Infantrymen with the 3rd Infantry Division’s 3rd Battalion, 7th Infantry Regiment, 4th Infantry Brigade Combat Team took part in a combined-arms live-fire training exercise Friday at Range B18, also known as Galahad Drop Zone.
The exercise was part of the 4th IBCT’s three-month training exercise called Vanguard Focus. The 3rd Battalion, 15th Infantry Regiment, was the first of the Vanguard Brigade’s three infantry battalions to go through the live-fire exercise. The 1st Battalion, 30th Infantry Regiment, will complete the exercise next week.
Cottonbaler Commander Lt. Col. Scott Shaw said his infantrymen were supported by engineers, aviation, artillery, mortars and a heavy-weapons company. The supporting artillery unit was from the 82nd Airborne Division at Fort Bragg, and the aviation support was from 3rd Combat Aviation Brigade at Hunter Army Airfield. A “myriad of other enablers” also supported the infantrymen as they cleared a bunker, trench line and several houses.
“The range is about 1.2 miles long,” Shaw said, explaining the mission. “Charlie Company will start from an assembly area and work their way down to the first objective … (The exercise) takes about an hour. When they’re done, they’ll be picked up by (CH-47 Chinook) helicopters.”
As the troops moved through the wood line for “movement to contact,” they began taking simulated automatic-weapons fire from two bunkers to their right front. Almost immediately after calling in fire support, the sound of 105mm howitzers as well as 60mm and 81mm mortars could be heard firing at another range.
Although the impact of those rounds was miles away, smoke rising from the two bunkers simulated the targets were being “softened” by the indirect fire. The soldiers then raced across open ground to each red-clay berm that simulated the bunkers. They immediately began firing live rounds from their M-4s and squad automatic weapons at targets on the other side of a long strand of concertina wire.
Combat engineers with the 3rd ID’s 4-3 Brigade Special Troops Battalion ran forward, laying a Bangalore torpedo through the wire. After they returned to the bunker, the torpedo was exploded. The infantrymen reacted to the breach in the wire by running through the hole. Soon, the entire company was on the other side on line and in the prone, preparing to take their next objective.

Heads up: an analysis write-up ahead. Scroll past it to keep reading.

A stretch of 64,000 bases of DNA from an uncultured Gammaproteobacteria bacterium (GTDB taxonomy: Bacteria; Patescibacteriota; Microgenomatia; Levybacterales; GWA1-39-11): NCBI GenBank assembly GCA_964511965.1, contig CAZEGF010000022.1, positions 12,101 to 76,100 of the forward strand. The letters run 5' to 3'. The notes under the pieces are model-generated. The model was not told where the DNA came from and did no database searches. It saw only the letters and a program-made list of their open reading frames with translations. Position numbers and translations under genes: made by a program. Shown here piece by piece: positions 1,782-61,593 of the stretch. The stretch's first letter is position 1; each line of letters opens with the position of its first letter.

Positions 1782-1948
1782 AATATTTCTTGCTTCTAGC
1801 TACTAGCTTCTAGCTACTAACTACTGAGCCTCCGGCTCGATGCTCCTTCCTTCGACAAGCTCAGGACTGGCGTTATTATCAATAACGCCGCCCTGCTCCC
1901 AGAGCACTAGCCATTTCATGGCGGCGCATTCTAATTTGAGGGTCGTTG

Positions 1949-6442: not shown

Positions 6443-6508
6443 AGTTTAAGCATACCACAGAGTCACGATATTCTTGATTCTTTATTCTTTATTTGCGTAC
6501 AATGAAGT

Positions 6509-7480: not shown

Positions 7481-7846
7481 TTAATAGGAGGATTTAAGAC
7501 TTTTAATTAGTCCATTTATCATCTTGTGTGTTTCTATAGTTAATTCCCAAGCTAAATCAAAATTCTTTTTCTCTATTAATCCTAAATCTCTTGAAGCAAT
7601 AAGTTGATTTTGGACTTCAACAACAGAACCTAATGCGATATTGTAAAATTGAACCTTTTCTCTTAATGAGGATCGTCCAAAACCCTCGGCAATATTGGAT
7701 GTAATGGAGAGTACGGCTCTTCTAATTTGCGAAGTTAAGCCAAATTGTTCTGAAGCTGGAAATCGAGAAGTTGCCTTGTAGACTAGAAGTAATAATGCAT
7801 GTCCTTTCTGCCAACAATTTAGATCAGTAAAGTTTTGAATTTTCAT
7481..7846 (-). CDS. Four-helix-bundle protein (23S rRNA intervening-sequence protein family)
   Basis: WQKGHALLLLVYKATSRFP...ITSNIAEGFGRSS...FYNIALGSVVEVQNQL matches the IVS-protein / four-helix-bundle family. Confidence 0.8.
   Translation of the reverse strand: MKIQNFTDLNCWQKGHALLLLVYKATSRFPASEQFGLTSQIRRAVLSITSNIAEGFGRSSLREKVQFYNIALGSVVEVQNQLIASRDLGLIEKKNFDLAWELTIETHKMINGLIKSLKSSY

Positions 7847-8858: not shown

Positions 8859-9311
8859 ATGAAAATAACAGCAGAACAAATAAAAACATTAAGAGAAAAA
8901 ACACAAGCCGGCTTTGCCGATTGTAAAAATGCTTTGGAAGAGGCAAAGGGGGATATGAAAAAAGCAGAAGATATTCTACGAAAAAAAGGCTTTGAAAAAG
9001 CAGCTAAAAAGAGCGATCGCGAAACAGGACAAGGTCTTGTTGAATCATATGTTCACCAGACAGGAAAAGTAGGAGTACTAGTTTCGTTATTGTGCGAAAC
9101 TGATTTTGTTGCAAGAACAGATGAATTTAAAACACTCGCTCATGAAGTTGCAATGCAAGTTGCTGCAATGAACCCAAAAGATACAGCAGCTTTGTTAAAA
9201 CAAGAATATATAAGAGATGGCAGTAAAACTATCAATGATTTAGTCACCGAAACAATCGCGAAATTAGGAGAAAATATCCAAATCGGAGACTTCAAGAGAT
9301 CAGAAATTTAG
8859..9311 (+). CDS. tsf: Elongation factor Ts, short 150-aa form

Throughout the attack, two OH-58 Kiowa attack helicopters provided direct air support with 50-caliber machine-gun fire and 2.75-inch HYDRA 70 rockets.
“My soldiers are tremendously excited about what we’re doing here today,” Shaw said. “It is cold. I believe right now it is 25 degrees, but the soldiers are extremely motivated.”
Shaw said Vanguard Focus was testing the mettle of soldiers and leaders as well as the equipment and technology used on today’s battlefield. Vanguard soldiers will continue a heavy training schedule up to their going to the Joint Readiness Training Center at Fort Polk, Louisiana, in August.
The 4th IBCT is slated to be reflagged as the 2nd Infantry Brigade Combat Team in May, Shaw said.
“You can train a brigade here (at Fort Stewart), but what you can’t do is replicate the combat effects that Fort Polk has,” he said. “They have a dedicated opposing force, fire markers that represent field artillery and cadre that can cover down on all three maneuver battalions and support battalions.
“JRTC stresses the logistics of the brigade. They have a staging area near Alexandria (La.) that’s about 40 miles away. You have to move your brigade from Alexandria into the box, and that is a stressful two or three days of planning, followed by a long day that is followed by a long night and another long day as you fight your way into the box.”
Vanguard Focus began Jan. 6 and will continue through March 23.